Champagne Valentine Preview Their Collaboration with the Sustainable Fashion Brand
Pioneering digital artists Anita Fontaine and Geoffrey Lillemon, AKA Champagne Valentine, showcase their interactive lookbook for Edun’s new Storytellers and Liars collection in this exclusive short film. The second outing from the brand’s designer Sharon Wauchob, the range explores the new meanings that stories take on as they are passed down through generations, a concept reflected in the juxtaposed prints, textures and colors. Champagne Valentine built on this enigmatic theme in the interactive design by using opaquely layered watercolor effects and idyllic, earthy imagery to conjure up a folkloric online realm for the Edun customer. Previously working on websites, apps, installations and animations for the likes of Tate Modern and Diesel, the duo imbue their digital handiwork with a human touch that resonates with Edun’s commitments to sustainable fashion through trade and community-building initiatives in Africa. NOWNESS spoke to Fontaine and Lillemon about digital storytelling.
How does the interactive lookbook you designed relate to Edun’s brand message?
We are inspired by Edun’s mission to create a new ethical consumer—but one who wears beautifully designed clothing. The collection has a nomadic feel to it and we thought about “digital space” as a destination where these sorts of gypsies hang out—these people who live on the edge and are not afraid of the future.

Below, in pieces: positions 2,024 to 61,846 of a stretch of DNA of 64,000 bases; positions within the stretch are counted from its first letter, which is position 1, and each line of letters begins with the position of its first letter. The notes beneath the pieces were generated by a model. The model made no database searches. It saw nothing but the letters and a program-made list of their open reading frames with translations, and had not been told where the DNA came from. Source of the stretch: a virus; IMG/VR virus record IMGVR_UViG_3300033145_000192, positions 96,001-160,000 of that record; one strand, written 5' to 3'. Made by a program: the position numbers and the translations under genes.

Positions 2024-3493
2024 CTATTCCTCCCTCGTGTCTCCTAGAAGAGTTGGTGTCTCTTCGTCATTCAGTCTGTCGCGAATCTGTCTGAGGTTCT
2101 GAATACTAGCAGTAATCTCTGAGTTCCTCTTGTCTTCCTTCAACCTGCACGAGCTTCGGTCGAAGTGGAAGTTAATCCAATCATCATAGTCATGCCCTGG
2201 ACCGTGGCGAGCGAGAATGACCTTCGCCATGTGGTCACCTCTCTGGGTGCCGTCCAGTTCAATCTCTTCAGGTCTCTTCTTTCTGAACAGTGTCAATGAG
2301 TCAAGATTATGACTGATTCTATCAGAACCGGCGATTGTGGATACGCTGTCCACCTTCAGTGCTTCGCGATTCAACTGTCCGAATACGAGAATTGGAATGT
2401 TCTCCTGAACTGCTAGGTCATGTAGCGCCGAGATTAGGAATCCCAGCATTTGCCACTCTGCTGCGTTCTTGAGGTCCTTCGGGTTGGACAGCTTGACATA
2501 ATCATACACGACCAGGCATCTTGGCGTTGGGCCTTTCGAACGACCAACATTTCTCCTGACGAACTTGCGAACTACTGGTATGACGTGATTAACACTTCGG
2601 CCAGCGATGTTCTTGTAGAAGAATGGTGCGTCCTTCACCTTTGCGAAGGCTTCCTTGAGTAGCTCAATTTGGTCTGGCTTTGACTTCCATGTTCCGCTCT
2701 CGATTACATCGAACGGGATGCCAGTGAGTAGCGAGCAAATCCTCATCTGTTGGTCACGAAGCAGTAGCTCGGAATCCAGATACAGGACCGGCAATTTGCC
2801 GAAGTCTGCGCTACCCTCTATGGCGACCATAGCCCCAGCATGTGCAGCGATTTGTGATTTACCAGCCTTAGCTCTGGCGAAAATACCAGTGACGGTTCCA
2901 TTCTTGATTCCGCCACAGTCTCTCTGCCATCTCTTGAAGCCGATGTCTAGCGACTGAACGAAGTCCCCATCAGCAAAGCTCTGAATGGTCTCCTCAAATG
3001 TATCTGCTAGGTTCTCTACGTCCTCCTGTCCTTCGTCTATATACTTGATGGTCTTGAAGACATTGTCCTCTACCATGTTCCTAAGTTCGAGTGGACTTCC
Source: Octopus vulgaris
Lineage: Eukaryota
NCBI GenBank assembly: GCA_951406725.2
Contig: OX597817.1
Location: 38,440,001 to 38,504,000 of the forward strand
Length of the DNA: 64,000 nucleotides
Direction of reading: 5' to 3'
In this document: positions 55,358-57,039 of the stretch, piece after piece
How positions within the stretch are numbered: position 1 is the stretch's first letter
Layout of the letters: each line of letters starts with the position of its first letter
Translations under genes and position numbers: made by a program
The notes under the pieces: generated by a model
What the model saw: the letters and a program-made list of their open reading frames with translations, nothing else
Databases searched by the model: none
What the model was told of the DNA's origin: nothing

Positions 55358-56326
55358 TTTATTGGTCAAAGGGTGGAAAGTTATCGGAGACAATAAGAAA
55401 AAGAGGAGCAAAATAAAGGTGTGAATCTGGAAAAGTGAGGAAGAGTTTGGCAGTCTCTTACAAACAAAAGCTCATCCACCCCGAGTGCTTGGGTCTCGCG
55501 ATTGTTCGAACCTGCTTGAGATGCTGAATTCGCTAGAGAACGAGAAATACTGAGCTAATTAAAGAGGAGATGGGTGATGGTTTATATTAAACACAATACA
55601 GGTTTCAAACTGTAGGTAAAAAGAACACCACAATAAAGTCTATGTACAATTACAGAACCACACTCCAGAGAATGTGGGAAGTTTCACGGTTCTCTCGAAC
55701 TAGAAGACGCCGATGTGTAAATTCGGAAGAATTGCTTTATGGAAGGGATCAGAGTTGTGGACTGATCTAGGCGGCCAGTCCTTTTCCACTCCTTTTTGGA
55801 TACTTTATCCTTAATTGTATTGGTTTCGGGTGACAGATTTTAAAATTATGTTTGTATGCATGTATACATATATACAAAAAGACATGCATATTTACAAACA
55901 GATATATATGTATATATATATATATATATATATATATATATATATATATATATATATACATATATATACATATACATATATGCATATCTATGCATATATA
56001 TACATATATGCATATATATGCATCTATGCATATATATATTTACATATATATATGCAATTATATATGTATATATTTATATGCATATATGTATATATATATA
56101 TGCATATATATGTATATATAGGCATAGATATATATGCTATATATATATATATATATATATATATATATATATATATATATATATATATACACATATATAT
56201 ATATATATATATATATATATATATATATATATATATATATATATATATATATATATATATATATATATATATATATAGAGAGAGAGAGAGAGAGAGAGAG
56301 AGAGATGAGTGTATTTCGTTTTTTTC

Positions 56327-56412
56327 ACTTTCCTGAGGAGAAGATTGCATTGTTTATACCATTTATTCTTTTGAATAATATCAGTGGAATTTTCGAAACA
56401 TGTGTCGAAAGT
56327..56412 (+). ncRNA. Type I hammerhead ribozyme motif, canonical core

Did the designs of the garments influence the aesthetic of the site?
Absolutely. We wanted to create hyper-real natural worlds; a sort of utopia that the people who will wear this collection could inhabit.
What motivated the “scratching” effect that you used to move through the layers of the collection?
We were inspired by the raw textures from the collection and wanted to make the experience feel more organic than digital. We love the effect of being able to scratch through to the truth behind the lies, or vice versa.
How is digital storytelling different from the oral tradition?
We really love this reference to old-school storytelling, the idea that when a story gets retold enough times it becomes a lie. Digital storytelling is about reaching people beyond an actual campfire. But then again the Internet is itself like a strange campfire…